China first nation to hope Taliban will respect peace

China has said the Taliban will establish an "open and inclusive" Islamic government in the war-torn country and will ensure a peaceful transition of power.

New Delhi Several countries led by the UK have asked the world community not to bilaterally recognise the Taliban in Afghanistan, but China has done everything short of saying that it is a friendly force.

China has said the Taliban will establish an “open and inclusive” Islamic government in the war-torn country and will ensure a peaceful transition of power.

The Chinese Embassy in Kabul is among those few missions that are running at full steam and without any reason to either vacate the office or evacuate the staff. Its ambassador is stationed there though Chinese nationals living in the country have returned to China.

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Chinese Foreign Ministry spokesperson Hua Chunying went to the extent of hoping the Taliban would take full responsibility for the safety of the Afghan people and foreign embassies and missions.

The Chinese government has decided to take the word of the Taliban on its face value, saying: “We noticed the statement from Afghan Taliban yesterday (Sunday) saying that the war is over and they will start consultation on establishment of an open and inclusive Islamic government and take the responsibility of the safety of Afghan citizens and foreign diplomatic corps.”

A Chinese government spokesperson said that Beijing has been maintaining contact and communication with the Taliban and playing a constructive role in promoting a political settlement.

China’s new-found love for the Taliban stems from the July-end meeting between Chinese Foreign Minister Wang Yi and the Taliban’s political commissioner Mullah Abdul Ghani Baradar in China. 

The Taliban’s assurance that it will not encourage anti-China elements, like the alleged Uyghur Islamic militants of the East Turkistan Islamic Movement, to take roots in Afghanistan. 

Some reports of the United Nations would have everyone believe that hundreds of fighters of the Movement, which has been linked to the al-Qaeda, are moving towards Afghanistan. The US has removed the Movement from its list of terrorist organisations, it may be mentioned.

It may also be added that China’s Xinjiang — home to the Uyghur Muslims — shares only a 76 km boundary with Afghanistan. The border is heavily fortified by the People’s Liberation Army.

Some western analysts have speculated that China wants to wield influence in this region and with the Americans on their way out, it would want to play a significant role in how the future of Afghanistan is settled. 

However, China’s interests are much more materialistic than political. At best it may want Afghanistan to stop resisting entry into the Belt and Road Initiative Project. 

The real reasons are economic in nature.

Afghanistan is reportedly sitting on deposits of rare earth elements like lanthanum, cerium and neodymium and other minerals such as copper, iron and zinc and gold worth trillions of dollars. 

A consortium of Chinese companies is already mining in the Logar province. A Chinese government-owned company is drilling three fields for oil.

Its interest in the BRI comes from the fact that it has invested $60 billion in the China Pakistan Economic Corridor that links Xinjiang with Pakistan, and extending the highway further can link it with Kabul. China is also interested in a strategic road it is building in Afghanistan through the Wakhan corridor that would connect Xinjiang with Iran via Pakistan and Afghanistan.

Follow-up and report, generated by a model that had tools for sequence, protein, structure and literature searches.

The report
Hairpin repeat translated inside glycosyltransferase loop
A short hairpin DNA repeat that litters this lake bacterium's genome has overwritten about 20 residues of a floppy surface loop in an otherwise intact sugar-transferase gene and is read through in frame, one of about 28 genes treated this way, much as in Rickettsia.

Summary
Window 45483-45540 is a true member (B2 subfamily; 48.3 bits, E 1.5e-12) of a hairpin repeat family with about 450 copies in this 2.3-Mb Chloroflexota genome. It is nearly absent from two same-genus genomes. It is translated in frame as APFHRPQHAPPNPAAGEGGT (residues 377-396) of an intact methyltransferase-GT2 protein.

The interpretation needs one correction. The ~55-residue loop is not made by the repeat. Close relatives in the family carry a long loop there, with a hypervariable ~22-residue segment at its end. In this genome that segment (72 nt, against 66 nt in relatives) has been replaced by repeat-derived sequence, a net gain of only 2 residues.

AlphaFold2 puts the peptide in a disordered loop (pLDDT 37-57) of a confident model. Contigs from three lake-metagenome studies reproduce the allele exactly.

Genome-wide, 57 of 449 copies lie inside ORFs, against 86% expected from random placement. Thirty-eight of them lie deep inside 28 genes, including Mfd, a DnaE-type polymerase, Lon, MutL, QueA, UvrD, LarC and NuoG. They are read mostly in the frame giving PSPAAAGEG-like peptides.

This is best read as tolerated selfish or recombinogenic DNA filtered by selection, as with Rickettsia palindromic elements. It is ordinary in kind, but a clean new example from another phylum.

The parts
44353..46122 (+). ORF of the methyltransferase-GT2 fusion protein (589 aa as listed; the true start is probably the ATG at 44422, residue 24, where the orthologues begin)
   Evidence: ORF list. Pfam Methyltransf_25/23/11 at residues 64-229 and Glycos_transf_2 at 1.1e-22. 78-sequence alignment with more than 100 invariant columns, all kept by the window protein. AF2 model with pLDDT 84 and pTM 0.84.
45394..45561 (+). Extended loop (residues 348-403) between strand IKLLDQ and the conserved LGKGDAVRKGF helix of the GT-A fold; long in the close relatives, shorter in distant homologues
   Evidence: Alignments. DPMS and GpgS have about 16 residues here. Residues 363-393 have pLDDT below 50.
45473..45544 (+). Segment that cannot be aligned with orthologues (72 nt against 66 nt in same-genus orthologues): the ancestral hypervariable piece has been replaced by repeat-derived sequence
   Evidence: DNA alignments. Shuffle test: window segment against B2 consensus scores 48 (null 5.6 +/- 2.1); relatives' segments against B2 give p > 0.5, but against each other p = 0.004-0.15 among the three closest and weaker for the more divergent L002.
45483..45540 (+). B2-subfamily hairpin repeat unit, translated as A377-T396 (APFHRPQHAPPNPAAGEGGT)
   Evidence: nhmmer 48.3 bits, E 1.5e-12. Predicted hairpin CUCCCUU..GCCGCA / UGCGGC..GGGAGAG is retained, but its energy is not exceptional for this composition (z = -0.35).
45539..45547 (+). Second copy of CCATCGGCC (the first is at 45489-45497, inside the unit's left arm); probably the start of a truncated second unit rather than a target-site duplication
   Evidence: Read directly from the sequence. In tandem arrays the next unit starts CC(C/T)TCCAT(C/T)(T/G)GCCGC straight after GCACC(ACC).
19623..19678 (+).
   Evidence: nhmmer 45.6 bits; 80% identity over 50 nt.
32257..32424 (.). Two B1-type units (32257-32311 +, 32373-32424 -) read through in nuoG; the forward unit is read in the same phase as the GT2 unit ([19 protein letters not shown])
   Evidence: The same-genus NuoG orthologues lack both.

An Indian media organisation has reported: “China seems to be approaching Afghanistan from a totally different direction; it is using every means to make the Afghans see the commercial sense in welcoming China into their country. Not war but economy is what the People’s Republic of China is betting on to bring Afghanistan into its web of influence; to make that happen, Beijing seems ready to partner with anyone who can deliver the goods, even if it be a regressive religio-political militia like the Taliban.”

Western defense experts, however, discount the commercial interest of China in Afghanistan. 

CNN reported: “Such arguments have only intensified following the high-profile meeting between Taliban leaders and Chinese Foreign Minister Wang Yi last month… But for China, a neighbour of Afghanistan with substantial investment in the region, the security challenges posed by the abrupt return of the Taliban are far more pressing than any strategic interests down the road.”

It quoted Andrew Small, a fellow at the German Marshall Fund in Washington, as saying: “China does not tend to perceive Afghanistan through the prism of opportunities; it is almost entirely about managing threats.”

Small argued that China, wary for long about American military presence in Afghanistan, is now concerned that with the Americans gone, that country may become the hot bed for terrorists of all kinds and that could threaten China’s Xinjiang region.

“Although Beijing is pragmatic about the power realities in Afghanistan, it has always been uncomfortable with the Taliban’s ideological agenda… The Chinese government fears the inspirational effect of their success in Afghanistan for the militancy across the region, including the Pakistani Taliban,” Small told CNN.

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